For the last four presidents, at least, our deep ocean navy has been dwindling in size. Every president either cuts expansion, mothballs ships, or cancels new construction, if not all of those. But Trump has just proposed to enlarge our navy by adding 30 new destroyers.
Naval advisors have been warning for decades that our ability to carry on actions in more than one theater of action on the world’s oceans has been gutted by allowing our navy to slowly dwindle to nothing.
But now the Trump administration is looking to reverse that decades-long slide.
According to Fox News:
The Navy’s ambitious fleet-size expansion relies upon a massive increase in heavily armed Destroyers able to launch long-range attacks, fire interceptor missiles, defend carrier strike groups and engage in massive open blue water warfare.
Within the next 15 years, the Navy plans to add as many as 30 DDG 51 Destroyers, including 22 new, high-tech DDG 51 Flight III warships and eight state-of-the-art DDG 51 Flight IIA destroyers. Prioritizing such a large number of these warships offers an interesting analytical window into Navy thinking about the next five decades of ocean war.
The new destroyers are not the only ships Trump wants to add to our naval capacity.
In addition to adding 30 new destroyers, the Navy’ also seeks 15 LCS’, 18 of the new Frigates and as many as 32 new attack submarines in the next 15 years. While many new ships are now under construction, the current number of Navy ships is roughly in the high 280s, a number the Navy hopes to grow to 355 by 2034.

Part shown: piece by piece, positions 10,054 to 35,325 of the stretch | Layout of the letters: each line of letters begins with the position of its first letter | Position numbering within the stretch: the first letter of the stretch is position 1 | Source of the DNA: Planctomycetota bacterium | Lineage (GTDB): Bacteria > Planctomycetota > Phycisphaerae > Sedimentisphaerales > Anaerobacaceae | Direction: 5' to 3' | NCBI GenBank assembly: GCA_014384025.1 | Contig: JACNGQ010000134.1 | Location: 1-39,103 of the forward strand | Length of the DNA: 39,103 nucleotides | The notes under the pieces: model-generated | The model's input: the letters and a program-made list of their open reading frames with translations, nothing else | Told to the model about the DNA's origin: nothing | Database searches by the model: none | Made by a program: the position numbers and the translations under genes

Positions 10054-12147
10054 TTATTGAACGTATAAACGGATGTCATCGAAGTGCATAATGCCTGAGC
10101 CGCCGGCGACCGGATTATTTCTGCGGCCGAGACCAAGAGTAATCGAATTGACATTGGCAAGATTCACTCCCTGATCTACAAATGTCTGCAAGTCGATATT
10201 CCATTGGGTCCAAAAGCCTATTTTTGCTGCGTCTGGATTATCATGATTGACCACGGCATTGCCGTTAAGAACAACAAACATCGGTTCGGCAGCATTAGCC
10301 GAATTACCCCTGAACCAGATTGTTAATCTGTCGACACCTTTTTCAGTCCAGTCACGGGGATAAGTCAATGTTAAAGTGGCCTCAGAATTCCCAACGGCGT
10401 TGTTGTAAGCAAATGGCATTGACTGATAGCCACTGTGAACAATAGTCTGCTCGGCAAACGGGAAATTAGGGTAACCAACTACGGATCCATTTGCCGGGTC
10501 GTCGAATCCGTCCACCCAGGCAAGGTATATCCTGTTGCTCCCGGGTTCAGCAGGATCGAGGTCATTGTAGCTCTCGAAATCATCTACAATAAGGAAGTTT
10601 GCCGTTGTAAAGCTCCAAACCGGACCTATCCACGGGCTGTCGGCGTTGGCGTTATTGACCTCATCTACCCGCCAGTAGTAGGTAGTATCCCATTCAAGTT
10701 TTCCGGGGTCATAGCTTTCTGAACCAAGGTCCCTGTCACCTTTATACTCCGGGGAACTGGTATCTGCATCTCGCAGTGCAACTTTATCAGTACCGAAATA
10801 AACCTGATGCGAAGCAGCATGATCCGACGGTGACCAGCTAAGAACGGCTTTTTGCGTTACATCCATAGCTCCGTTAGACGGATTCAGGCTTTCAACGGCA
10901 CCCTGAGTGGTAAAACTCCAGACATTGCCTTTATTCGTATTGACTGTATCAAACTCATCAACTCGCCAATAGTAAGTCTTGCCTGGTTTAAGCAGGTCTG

“Battle force inventory reaches 301 in 2020 and 355 in 2034,” said Lt. Cmdr. Kevin Chambers.
The new ships will also be state of the art with improved computer systems, software, and weapons systems.
This is long overdue.
As the Hoover Institute recently lamented:
The Navy’s number two leader succinctly explained the service’s dilemma: “Our Navy faces increased demand without the size and resources required to properly maintain and train for our future.” The Navy’s “battle fleet” is currently a bit more than half the size it was a generation ago. At the same time, America’s maritime commitments have grown, particularly in the Pacific and Indian Oceans and the Persian Gulf. Moreover, the reductions in forward-stationed land-based ground and air forces—and the reluctance to commit them to long-term irregular warfare campaigns in the Middle East—has exacerbated the pressure upon the Navy to project power ashore.
Naval advisors have been ringing these warning bells since Bill Clinton’s days in the White House.
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